Funded Ratio for US Corporates Inches Higher in March

Levels remain similar to where they were eight or nine years ago, Mercer says.

The aggregate funded ratio for US corporate pension funds increased slightly—about one percentage point—March, according to a report by Mercer. The ratio inched up to 83%, while the estimate aggregate deficit dropped to $391 billion as of the end of the month. It was $408 billion at the end of 2016.

“The current economic and political environment is making plan sponsors frustrated with the lack of progress on the funded status of their pension plans as levels remain similar to where they were eight or nine years ago,” said Jim Ritchie, a partner in Mercer’s wealth business. “Plan sponsors should consider re-evaluating their risk appetites in these uncertain times. Despite the Federal Reserve’s indications that short-term rates may steadily increase in the near future, there is still quite a bit of uncertainty on what will happen with long-term rates and equity markets, which are two main factors that affect the funded status of pension plans.”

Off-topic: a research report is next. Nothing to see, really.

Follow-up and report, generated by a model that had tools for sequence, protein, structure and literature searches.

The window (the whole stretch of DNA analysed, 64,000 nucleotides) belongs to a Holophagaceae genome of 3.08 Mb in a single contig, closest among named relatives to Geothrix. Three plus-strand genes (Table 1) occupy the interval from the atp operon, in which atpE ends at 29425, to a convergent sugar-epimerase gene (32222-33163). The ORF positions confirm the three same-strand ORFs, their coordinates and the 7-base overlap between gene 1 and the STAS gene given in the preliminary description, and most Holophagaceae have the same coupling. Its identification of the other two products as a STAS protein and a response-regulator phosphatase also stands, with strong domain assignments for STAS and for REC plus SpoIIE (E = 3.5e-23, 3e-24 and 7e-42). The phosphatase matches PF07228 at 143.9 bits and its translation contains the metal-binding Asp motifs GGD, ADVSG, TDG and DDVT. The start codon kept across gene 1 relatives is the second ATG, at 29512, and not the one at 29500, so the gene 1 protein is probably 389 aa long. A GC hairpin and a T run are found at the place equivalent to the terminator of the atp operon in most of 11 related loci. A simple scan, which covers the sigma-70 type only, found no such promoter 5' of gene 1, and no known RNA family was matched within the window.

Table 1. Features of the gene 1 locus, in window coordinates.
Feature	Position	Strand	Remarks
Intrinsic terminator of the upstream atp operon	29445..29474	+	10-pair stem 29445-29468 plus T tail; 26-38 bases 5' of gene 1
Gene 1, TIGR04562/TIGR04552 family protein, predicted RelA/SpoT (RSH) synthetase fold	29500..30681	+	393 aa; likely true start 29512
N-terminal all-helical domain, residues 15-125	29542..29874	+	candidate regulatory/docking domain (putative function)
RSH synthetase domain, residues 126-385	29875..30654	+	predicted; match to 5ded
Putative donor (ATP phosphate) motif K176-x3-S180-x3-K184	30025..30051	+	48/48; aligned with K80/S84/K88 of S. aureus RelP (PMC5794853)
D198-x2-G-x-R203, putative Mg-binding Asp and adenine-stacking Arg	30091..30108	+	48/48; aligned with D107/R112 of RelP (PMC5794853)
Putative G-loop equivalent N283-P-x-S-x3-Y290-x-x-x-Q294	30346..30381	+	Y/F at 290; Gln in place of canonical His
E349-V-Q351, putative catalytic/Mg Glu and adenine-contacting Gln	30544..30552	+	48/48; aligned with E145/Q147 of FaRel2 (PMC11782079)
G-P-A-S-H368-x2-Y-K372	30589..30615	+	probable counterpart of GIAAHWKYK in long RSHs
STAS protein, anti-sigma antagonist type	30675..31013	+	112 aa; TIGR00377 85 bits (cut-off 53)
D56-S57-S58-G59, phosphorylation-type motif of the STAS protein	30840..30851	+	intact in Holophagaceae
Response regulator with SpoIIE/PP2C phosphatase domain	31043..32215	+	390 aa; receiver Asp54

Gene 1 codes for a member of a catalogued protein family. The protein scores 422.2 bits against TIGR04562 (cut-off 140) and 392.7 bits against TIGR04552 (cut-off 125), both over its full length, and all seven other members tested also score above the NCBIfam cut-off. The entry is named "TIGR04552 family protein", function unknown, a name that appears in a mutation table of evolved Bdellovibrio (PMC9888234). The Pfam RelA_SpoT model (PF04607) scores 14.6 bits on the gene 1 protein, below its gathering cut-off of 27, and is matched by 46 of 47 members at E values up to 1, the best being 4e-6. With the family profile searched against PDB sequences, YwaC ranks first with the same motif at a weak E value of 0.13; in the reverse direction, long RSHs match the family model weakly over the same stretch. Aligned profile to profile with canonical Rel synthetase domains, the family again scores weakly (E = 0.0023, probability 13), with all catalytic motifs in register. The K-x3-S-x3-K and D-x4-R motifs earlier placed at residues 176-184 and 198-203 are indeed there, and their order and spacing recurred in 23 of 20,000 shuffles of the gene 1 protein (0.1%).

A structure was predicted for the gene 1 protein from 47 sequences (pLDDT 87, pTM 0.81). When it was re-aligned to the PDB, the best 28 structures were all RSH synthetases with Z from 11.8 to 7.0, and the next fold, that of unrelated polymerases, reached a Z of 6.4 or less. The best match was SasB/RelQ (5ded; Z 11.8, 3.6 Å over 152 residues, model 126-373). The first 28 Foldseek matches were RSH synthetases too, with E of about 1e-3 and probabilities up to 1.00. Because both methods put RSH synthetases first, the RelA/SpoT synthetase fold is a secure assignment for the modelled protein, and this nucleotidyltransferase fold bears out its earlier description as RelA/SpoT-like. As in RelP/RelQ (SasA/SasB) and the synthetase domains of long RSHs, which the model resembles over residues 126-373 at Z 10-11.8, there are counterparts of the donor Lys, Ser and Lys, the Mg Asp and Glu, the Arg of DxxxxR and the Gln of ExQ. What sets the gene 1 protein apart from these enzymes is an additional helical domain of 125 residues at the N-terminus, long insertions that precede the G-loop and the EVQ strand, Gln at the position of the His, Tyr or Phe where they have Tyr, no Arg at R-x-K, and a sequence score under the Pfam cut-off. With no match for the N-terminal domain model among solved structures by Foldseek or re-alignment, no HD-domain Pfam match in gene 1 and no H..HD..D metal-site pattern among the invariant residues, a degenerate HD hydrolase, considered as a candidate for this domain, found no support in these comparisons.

The S&P 500 remained relatively flat month-over-month in March, while discount rates as measured by Mercer’s yield curve increased by eight basis points to 4.01%. 

“Those plan sponsors that are relying on long-term rates to rapidly rise in the near future may continue to be frustrated with the lack of progress on their funded status,” Ritchie said.  “Plan sponsors should look at multiple future economic conditions to get a good perspective on the future financial condition of their pension plans.” 

Mercer based its analysis on plans sponsored by companies listed in the S&P 1500.

By Amrita Sareen-Tak